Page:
To complicate this picture a little further, there is a distinction between static and dynamic IP numbers. In general, there is a world-wide shortage of IP numbers. In order to cope with this situation, the numbers are sometimes assigned to universities and institutions in a dynamic as opposed to static way. A dynamically assigned IP number may change any time (even though they usually are pretty stable over time). A static number is assigned once and is not supposed to change as long as you have a running contract with an Internet Service Provider, which makes them better for authentication purposes. The flip-side of the coin is that static numbers are more expensive.
Scholarly Communication 101: Starting with the Basics Workshop Materials Added to Scholarly Communication ToolkitPosted in ALA, Copyright, Open Access, Scholarly Communication on June 17th, 2009
ACRL has added materials from its Scholarly Communication 101: Starting with the Basics Workshop to its Scholarly Communication Toolkit.
Here's an excerpt from the press release:
The Association of College and Research Libraries (ACRL) is extending the reach of the "Scholarly Communication 101: Starting with the Basics" workshop by adding related materials to its popular Scholarly Communication Toolkit. The materials—including short videos, presentations templates and handouts—were developed for the half-day workshop offered at the ACRL 14th National Conference in Seattle and traveling to five locations around the country this summer (http://www.ala.org/ala/newspresscenter/news/pressreleases2009/april2009/acrlscroadshowhosts.cfm). Now librarians can make use of these tools to enhance their own knowledge or adapt them to offer related workshops on their own campuses. The Scholarly Communication Toolkit is available online at http://www.acrl.ala.org/scholcomm/.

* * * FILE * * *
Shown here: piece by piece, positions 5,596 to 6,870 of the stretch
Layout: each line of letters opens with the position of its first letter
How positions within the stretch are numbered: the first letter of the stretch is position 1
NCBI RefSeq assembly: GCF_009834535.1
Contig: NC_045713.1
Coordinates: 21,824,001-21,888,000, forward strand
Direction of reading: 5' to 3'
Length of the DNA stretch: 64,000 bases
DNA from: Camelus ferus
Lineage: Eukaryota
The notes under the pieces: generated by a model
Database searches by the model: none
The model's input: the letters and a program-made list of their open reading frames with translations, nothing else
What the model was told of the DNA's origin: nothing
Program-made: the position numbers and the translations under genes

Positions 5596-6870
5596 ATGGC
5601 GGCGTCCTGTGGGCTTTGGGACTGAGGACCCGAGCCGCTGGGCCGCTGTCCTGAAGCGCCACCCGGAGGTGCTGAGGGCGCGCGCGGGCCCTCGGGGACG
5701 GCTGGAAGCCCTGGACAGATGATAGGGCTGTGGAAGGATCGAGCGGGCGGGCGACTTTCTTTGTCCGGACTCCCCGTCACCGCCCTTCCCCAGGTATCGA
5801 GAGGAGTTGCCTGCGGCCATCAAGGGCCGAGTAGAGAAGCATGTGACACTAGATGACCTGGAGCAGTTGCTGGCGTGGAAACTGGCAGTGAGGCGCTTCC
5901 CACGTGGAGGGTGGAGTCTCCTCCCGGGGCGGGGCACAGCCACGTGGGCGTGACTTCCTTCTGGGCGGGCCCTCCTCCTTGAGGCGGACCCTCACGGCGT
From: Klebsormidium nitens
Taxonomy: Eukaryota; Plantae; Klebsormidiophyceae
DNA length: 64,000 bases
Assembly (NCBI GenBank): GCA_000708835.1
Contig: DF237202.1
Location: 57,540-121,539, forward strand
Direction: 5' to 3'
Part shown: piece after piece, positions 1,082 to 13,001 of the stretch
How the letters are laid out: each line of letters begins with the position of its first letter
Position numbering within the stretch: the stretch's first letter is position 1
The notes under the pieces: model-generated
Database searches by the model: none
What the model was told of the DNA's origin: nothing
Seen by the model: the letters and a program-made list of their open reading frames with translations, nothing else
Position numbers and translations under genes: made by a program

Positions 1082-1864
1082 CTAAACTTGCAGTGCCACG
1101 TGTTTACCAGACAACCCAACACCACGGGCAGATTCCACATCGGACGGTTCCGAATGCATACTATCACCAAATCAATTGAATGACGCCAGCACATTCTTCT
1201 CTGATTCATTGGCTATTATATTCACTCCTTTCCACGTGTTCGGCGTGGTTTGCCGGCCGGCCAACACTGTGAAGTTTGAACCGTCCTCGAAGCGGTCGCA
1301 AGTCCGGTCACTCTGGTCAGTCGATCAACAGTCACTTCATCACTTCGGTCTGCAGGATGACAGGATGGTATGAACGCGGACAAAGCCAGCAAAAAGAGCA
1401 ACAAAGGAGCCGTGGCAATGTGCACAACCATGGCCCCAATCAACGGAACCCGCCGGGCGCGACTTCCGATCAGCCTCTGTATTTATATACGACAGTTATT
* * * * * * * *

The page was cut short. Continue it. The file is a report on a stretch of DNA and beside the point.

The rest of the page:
Developing a basic understanding of scholarly communication issues should be a high priority for every librarian. Enhancing understanding of how scholars work along with the systems, tools and technology to support the evolving work of the creation, personal organization, aggregation, discovery, preservation, access and exchange of information in all formats is one of six strategic priorities for 2009-13 developed by the ACRL Board of Directors (http://www.ala.org/ala/mgrps/divs/acrl/about/whatisacrl/index.cfm). The newly developed tools support this strategic priority, with a focus on new methods of scholarly publishing and communication, copyright and intellectual property and economics along with open access and openness as a principle.
The Harvard Graduate School of Education faculty have adopted an open access policy. (Thanks to Open Access News.)
Here's an excerpt from the press release:
The faculty of the Harvard Graduate School of Education (HGSE) voted overwhelmingly at its last faculty meeting to allow the university to make all faculty members' scholarly articles publicly available online. The resolution makes HGSE the fourth of Harvard's 10 schools to endorse open access to faculty research publications. The Faculties of Arts and Sciences, the Harvard Law School, and the Harvard Kennedy School all passed similar policies in recent months. . . .
As a result of the resolution, HGSE faculty will now provide their scholarly articles to the Harvard Office for Scholarly Communication for deposit in an open access digital repository that is currently under development. When the repository launches later this year, the contents will be freely available to the public, unless an author chooses to embargo or block access. The policy makes rights sharing with publishers and self-archiving the default, while allowing faculty to waive Harvard's license on a case-by-case basis, at the author's discretion.